In some embodiments, the hot side plate 210 drives evaporation by heating the wicking fabric and thus causing any liquid held in the wicking fabric to evaporate. For example, 500 ml of evaporating water has the capacity to transfer 330 watts (W) of heat to environment 270 for a period of 1 hour even with a temperature differential between plate 210 and plate 220 of about 0 degrees. In some embodiments, this provides an additional cooling feature to cold side plate 220 without using a fin heatsink or using fan blow air (e.g., dissipate heat). Not including these additional components saves power and reduces bulk in the device. In some embodiments, heatsink 250 allows for heat dissipation when environment 270 contains any amount of humidity. Heatsink 250 may be dissipate heat effectively in a low humidity environment (e.g., 0-50%) as well as a high humidity environment (e.g., 60-100%). Being able to dissipate heat in a high humidity environment is advantageous because traditional cooling systems are less effective in high humidity.

In some embodiments, wick 260 provides cooling liquid to heatsink 250. Wick 260 may retrieve the cooling liquid (e.g., water, alcohol, water/alcohol mixture) from a reservoir and transfer the liquid to heatsink 250. In some embodiments, wick 260 assists in transferring liquid to thermoelectric cooling module 200 using capillary action. Wicking 260 may be, for example, polyester, polyester blends, teflon, cotton, wools, or any material sufficient to provide capillary action. In some embodiments, for example, where a reservoir of water is arranged above any thermoelectric cooling module 200, gravity may also assist wick 260 in transferring the liquid. In some embodiments, wick 260 may be coated or encapsulated (e.g., with a polymer) to prevent, reduce, or minimize liquid loss when transferring. Wick 260 may be flexible material such that the material is comfortable (e.g., not stiff) to user. Coating wick 260 may also keep a wearer of thermoelectric cooling module 200 dry by keeping liquid contained in wick 260 rather than allowing it to spread out (e.g., to athletic apparel that thermoelectric cooling module 200 is incorporated into). In some embodiments, wick 260 and heatsink 250 may be form a single wicking structure 255 (e.g., a uniform piece of fabric), with the portion of the wicking structure 255 attached to the hot side plate 210 open to environment 270 to allow for evaporation and the portion of the wicking structure (e.g., wick 260) transferring liquid coated in a polymer to prevent liquid loss. By forming wick 260 and heatsink 250 out of a single wicking structure 255, fabrication and production costs may be reduced.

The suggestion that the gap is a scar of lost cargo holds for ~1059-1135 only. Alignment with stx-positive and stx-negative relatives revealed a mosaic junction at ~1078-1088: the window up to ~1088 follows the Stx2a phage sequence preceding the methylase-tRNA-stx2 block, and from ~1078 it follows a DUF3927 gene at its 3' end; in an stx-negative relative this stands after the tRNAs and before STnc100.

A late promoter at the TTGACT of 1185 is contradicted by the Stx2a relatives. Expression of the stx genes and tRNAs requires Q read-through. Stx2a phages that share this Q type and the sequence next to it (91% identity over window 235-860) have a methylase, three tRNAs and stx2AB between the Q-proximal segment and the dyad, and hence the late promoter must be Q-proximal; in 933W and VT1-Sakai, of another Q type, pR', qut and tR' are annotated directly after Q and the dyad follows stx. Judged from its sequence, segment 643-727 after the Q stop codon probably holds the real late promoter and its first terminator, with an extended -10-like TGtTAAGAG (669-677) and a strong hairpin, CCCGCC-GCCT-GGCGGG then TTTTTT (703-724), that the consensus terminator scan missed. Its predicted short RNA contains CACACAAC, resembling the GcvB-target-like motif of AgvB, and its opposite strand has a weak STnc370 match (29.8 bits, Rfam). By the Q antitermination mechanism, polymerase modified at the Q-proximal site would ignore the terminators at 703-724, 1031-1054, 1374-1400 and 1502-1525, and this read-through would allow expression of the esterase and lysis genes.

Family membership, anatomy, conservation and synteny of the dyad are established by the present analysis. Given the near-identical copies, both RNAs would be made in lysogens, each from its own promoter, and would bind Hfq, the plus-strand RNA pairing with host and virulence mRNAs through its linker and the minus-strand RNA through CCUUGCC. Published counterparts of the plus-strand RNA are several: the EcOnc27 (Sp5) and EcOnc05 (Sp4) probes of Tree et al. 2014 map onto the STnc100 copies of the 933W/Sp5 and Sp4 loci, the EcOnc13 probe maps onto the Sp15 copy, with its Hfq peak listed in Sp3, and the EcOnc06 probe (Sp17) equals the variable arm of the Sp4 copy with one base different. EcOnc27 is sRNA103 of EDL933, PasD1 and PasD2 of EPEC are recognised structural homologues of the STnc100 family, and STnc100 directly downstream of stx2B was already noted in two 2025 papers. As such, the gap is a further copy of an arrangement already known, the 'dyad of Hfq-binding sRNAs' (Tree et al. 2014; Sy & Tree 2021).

In some embodiments, thermoelectric cooling module 200 may be used in a system to cool the body temperature of a person. In some embodiments, user may put cold side plate (e.g., plate 220) against the skin of the user. Cooling liquid is provided to thermoelectric cooling module 200 through wick 260. When electrical power is applied to thermoelectric cooling module 200, heat is pumped by thermoelectric device 230 to plate 210 and the cooling liquid is evaporated due to being thermally coupled to hot side plate (e.g., plate 210). The combination of the evaporation of the cooling liquid and thermoelectric device 230 having a cool side plate (e.g., plate 220) provides a cooling sensation to user. In some embodiments, the user's body temperature may be lowered or reduced. User may wear thermoelectric cooling module 200 during exercise activities and/or while at rest.